By the way, the film ‘La Califfa’ starring Romy Schneider is now available online with English subtitles. Love the opening line uttered by Schneider reflecting vulgar existentialism. It’s almost as good as the wonderful pessimist Jesus: “If it’s this way in the green wood, how will it be in the dry?” Chris Deile; Laramie

  6. Chris Deile
    January 10, 2020
    Reply

    Pardon me, I made two mistakes in January 9 comment. Simone Signoret actually said to Joe (at least in the English version): “What’s wrong, you look so serious”. And the wrong word was used when copying the letter here: The Franken quote should say “As we venture to the heavens, we need to remember we still maintain an earthly hell that tarnishes any human achievement.” (not diminishes) . The Simone Signoret quote was an attempt to dismiss the November 28 comment by “Tony Williams” as it could be a troll. Nevertheless, to address the point(s): “Total male menopausal bourgeois crap”: That’s an anti-gay insult apparently directed at Ugo Tognazzi having being in ‘La Cage aux Folles’. As for “bourgeois” (simple-minded?), it doesn’t take intellectualism to appreciate the image of a dead man with political protest signs scattered about him. It’s the same thing over and over again; a senseless cycle of violence. Nor is it like intellectualism (or reason) has provided an answer. Dostoyevsky emphasized the inadequacy of reason, as did Evgeney Zamyatin in his dystopian novel ‘We’ (based in part on The Grand Inquisitor in Dostoyevsky’s ‘The Brother’s Karamazov’) when pointing out the square root of minus 1 cannot be solved by reason alone–it requires belief in an imaginary system of numbers to solve it). I’m no longer pacifist, and in fact am a self-avowed pseudo-intellectual :), but William James has never been answered when he explained in ‘The Moral Equivalent of War’ that the reason we have war is because we want it; war stimulates us in ways nothing else does, that if only we could find something that stimulated us as much, but in a positive sense, we’d be onto something. Besides, and granted this may be a little silly, I don’t know the meaning of Katty Line’s Italian song Vent ‘Anni (unable to locate lyrics to run through online translation) but the simplicity has always struck me as very beautiful. The November 29 comment concludes: “…despite the acting of its two main leads”: Wouldn’t that alone merit the film worthy of being seen?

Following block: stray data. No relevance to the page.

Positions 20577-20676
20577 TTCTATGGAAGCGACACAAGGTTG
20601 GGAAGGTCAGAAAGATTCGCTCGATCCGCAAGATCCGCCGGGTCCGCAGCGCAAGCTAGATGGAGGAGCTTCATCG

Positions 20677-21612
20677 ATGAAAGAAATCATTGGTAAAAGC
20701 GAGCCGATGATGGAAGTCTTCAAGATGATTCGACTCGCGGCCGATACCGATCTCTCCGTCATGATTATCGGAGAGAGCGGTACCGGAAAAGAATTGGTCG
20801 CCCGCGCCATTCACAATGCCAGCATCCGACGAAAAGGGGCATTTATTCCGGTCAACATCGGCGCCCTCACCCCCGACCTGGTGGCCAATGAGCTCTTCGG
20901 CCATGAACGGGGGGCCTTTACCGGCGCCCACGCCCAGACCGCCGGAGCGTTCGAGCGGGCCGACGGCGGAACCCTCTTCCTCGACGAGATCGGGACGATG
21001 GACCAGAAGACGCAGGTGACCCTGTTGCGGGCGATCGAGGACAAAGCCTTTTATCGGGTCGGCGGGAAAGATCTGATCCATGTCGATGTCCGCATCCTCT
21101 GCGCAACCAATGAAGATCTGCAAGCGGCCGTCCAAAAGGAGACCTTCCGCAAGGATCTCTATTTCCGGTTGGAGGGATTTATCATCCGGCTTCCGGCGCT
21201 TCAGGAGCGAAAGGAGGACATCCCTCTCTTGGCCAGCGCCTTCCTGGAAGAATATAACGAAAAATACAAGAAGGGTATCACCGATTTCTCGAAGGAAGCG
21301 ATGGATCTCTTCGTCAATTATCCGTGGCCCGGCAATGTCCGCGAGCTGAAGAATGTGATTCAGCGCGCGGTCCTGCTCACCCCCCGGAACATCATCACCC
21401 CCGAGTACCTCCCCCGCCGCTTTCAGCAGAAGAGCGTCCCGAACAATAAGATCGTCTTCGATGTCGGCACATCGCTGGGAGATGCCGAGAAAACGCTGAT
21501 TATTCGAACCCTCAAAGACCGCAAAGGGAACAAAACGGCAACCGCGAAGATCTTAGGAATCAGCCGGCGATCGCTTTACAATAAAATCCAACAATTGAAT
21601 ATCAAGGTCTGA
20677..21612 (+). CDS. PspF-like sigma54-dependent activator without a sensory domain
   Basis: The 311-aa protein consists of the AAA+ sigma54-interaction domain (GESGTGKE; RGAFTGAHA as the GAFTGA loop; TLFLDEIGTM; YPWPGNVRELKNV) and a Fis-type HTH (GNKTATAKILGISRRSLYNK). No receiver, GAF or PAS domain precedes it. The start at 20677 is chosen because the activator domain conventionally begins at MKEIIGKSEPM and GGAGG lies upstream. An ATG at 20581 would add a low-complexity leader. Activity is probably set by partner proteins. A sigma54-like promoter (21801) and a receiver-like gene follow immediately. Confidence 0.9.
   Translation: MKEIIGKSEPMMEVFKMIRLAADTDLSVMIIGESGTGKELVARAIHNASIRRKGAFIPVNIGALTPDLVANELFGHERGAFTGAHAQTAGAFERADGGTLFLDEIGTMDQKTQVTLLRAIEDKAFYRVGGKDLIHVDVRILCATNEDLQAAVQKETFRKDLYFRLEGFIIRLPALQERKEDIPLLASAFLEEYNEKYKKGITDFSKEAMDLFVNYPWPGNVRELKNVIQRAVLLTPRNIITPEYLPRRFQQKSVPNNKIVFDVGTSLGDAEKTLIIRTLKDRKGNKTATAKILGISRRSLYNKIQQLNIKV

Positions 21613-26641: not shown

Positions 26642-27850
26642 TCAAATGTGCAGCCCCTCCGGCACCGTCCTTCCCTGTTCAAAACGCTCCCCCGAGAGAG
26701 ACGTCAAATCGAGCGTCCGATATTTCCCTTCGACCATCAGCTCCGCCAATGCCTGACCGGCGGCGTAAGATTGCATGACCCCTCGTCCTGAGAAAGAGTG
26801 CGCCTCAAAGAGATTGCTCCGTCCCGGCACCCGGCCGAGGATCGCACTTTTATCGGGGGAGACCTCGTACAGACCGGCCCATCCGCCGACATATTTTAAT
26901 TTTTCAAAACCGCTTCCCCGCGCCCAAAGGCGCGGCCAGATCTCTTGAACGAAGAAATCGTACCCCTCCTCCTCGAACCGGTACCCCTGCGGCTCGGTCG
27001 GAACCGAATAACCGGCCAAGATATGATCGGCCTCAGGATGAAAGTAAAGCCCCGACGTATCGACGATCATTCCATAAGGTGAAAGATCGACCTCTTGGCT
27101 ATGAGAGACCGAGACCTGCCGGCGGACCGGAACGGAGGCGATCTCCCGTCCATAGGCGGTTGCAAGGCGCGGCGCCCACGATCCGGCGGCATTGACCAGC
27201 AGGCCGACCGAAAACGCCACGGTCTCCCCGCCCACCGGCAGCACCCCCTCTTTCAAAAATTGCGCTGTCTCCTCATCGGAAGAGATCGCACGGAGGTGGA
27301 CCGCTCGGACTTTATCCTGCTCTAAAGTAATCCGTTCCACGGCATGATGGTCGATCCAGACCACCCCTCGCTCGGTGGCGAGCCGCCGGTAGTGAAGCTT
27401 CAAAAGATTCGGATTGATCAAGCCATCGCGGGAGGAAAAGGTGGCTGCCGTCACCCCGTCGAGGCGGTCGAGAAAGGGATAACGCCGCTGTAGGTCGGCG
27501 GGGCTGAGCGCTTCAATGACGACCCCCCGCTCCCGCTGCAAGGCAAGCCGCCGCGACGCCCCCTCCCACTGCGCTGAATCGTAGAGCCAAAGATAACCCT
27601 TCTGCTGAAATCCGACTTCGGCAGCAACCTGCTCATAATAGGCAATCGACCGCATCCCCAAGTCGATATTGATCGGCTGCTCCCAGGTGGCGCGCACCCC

7. Chris Deile
    January 13, 2020
    Reply

    Just viewed ‘La Califfa’ again. Enjoyed it very much, and as before, certain scenes brought tears to my eyes. Though even with the English sub-titles, I still don’t have a thorough understanding of the film. Doberdo is of those called communists. Maybe that’s the “Tony Williams’ connection (from November post here). When Googling ‘Tony Williams’, the late jazz drummer links appear, then a Tony Williams who is a Senior Teaching Fellow at the Bill of Rights Institute: “Established in September 1999, the Bill of Rights Institute is a 501(c)(3) non-profit educational organization that works to engage, educate, and empower individuals with a passion for the freedom and opportunity that exist in a free society.” Etc. Maybe someone is being humorous regarding communism (if that’s possible)? And I went and haphazardly referenced Simone Signoret, who just so happens to have interesting comments on communism in an interview (from decades ago) recently posted on YouTube. One other thought….’La Califfa’ brought to mind another early 70’s film, ‘X, Y and Zee’ starring Elizabeth Taylor, Susannah York, and Michael Caine. I’ve always preferred ‘X, Y and Zee’ to “Who’s Afraid of Virginia Wolf?’, even though the latter is the classic.

  8. Chris Deile
    January 14, 2020
    Reply

    YouTube:
    Simone Signoret interview 1960
    video posted by Marmar on Dec 30, 2019

  9. Chris Deile
    January 14, 2020
    Reply

    From Yevgeney Zamyatin Wiki page (on ‘We’):

    The novel uses mathematical concepts symbolically. The spaceship that D-503 is supervising the construction of is called the Integral, which he hopes will “integrate the grandiose cosmic equation”. D-503 also mentions that he is profoundly disturbed by the concept of the square root of −1—which is the basis for imaginary numbers (imagination being deprecated by the One State). Zamyatin’s point, probably in light of the increasingly dogmatic Soviet government of the time, would seem to be that it is impossible to remove all the rebels against a system. Zamyatin even says this through I-330: “There is no final revolution. Revolutions are infinite.”[20]